The Importance of Being Earnest
"A Trivial Comedy for Serious People"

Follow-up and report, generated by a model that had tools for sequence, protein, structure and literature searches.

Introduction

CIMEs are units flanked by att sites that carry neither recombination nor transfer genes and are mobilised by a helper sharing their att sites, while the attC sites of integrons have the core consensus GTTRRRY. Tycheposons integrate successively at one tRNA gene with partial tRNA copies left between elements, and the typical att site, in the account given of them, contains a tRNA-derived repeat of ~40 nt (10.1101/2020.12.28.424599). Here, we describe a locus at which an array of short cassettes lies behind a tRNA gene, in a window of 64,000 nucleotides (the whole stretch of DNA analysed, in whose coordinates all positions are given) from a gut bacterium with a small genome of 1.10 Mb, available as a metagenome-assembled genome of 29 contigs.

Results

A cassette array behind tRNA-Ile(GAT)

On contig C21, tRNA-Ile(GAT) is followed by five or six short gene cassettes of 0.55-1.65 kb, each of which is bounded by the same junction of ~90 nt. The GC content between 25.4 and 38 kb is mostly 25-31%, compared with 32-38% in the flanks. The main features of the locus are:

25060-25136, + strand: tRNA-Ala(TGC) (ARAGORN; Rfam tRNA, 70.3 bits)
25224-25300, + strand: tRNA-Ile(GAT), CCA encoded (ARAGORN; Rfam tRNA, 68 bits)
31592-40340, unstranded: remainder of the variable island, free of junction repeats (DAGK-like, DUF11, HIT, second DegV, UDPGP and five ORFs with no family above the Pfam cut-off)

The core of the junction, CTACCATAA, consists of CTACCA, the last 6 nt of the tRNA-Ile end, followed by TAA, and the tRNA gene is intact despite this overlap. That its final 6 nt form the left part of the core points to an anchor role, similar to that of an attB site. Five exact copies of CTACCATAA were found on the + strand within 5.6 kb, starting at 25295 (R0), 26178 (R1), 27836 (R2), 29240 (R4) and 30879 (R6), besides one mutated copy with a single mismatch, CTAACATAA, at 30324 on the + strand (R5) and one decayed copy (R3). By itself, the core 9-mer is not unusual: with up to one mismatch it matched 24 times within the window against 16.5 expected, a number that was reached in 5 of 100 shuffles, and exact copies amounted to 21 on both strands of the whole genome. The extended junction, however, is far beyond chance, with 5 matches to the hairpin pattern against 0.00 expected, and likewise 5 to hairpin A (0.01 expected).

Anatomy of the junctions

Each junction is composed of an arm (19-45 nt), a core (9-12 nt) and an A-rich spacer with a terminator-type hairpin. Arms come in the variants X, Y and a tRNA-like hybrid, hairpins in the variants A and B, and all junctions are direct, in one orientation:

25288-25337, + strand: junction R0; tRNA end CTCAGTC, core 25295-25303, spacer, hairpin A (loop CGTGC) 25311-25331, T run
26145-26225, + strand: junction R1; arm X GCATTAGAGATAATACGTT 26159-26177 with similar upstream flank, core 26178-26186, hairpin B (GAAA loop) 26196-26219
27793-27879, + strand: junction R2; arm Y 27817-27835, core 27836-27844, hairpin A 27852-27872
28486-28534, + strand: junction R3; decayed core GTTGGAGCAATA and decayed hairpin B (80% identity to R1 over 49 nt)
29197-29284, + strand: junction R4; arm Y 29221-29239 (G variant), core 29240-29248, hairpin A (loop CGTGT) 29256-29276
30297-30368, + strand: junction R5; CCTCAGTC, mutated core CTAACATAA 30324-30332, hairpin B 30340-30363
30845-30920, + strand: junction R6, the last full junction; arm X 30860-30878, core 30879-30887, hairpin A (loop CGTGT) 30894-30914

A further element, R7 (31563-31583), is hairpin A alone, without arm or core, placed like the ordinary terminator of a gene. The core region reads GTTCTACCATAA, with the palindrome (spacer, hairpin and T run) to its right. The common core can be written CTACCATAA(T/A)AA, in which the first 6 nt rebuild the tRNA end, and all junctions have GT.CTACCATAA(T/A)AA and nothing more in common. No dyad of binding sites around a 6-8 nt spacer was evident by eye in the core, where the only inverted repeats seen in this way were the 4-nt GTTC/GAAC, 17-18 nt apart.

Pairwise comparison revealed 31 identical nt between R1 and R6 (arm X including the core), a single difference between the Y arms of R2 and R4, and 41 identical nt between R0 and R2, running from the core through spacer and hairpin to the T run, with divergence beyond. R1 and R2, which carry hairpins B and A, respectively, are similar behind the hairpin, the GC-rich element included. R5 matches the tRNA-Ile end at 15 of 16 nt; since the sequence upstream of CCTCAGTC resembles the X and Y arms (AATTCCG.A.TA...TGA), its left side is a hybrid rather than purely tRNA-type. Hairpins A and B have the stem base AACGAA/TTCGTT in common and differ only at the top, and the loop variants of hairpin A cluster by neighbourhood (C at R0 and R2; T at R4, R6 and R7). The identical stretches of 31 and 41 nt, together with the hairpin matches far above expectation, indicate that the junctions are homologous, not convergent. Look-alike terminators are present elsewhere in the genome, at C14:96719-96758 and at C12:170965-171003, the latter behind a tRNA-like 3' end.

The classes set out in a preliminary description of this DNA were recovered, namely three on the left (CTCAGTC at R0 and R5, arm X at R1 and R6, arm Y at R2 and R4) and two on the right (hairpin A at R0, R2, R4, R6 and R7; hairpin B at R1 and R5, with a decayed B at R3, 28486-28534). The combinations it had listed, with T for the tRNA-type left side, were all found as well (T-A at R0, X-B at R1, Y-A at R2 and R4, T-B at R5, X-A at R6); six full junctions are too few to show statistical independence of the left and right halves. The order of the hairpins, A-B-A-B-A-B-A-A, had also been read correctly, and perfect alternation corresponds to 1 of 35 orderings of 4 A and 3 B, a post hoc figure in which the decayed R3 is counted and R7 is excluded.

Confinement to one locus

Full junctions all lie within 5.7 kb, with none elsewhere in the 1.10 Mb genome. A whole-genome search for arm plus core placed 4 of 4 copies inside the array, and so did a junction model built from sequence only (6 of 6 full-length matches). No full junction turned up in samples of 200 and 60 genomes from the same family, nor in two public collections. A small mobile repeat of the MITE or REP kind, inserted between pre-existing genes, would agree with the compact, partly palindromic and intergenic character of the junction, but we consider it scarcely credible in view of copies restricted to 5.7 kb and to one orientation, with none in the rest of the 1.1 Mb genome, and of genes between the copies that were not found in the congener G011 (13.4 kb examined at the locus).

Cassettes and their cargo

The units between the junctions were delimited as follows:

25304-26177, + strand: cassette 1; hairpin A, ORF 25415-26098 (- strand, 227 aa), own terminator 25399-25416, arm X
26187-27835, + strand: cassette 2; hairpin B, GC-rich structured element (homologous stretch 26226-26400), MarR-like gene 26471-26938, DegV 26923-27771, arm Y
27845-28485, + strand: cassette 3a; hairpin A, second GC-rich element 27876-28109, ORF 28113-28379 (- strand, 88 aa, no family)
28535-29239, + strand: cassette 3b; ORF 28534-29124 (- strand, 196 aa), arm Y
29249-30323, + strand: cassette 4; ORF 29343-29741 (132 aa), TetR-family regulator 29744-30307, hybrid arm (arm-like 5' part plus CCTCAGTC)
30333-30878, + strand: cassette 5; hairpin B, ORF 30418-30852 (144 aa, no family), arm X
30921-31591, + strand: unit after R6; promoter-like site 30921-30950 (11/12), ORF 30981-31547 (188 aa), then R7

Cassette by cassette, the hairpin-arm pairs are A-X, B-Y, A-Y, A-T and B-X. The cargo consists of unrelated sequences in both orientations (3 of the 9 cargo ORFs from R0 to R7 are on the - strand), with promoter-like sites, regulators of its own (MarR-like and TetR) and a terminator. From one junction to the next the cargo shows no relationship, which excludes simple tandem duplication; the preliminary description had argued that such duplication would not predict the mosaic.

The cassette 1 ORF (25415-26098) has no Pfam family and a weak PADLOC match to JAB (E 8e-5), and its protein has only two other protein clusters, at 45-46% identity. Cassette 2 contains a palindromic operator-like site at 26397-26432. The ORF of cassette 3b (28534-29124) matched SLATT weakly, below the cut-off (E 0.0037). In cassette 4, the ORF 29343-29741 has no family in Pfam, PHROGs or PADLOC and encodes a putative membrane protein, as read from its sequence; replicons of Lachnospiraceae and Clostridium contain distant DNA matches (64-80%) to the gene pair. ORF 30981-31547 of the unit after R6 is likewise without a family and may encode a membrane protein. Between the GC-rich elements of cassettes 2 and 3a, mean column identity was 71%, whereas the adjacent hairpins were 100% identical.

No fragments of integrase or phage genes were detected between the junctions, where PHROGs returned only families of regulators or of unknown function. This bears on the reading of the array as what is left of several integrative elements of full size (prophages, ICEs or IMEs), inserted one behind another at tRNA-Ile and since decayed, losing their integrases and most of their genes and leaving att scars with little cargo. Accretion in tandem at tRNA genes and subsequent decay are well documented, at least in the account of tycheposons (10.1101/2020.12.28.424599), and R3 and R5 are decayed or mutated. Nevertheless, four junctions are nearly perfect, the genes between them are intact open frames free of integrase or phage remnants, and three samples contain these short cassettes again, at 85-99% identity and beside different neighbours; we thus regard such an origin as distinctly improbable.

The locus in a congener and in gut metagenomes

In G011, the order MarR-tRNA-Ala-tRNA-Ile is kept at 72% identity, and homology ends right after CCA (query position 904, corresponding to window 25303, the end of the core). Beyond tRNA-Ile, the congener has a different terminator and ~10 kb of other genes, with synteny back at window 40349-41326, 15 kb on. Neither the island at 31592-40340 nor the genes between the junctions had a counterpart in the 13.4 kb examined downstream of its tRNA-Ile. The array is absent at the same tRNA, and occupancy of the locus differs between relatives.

Oscar Wilde’s "The Importance of Being Earnest" is an extremely entertaining, farcical comedy driven by mistaken identities and bantering dialogue. It follows the story of two men who assume the identity “Ernest” in order to avoid their social obligations and pursue their love interests. Over a series of humorous bumbles, that which is serious is made trivial and that which is trivial is made serious. This play is a satire that functions within Victorian social customs in order to criticize the very institutions it depicts. Wilde particularly mocks earnestness, an extremely important value in Victorian society, as no one seems to have a particular conviction towards anything. Many critics have read Wilde’s own experience with a double life in the play’s themes. After The Importance debuted, Wilde was accused of homosexual activities, subsequently imprisoned, and then exiled. While his work was once shunned for the playwright’s so-called “indiscretions,” his clever dialogue and dry, situational humor have become the foundation for modern British comedy and shows like The Office or Arrested Development. The Importance of Being Earnest plays with humor, absurdity, and serious social critique to show the audience that the “truth is rarely pure and never simple.”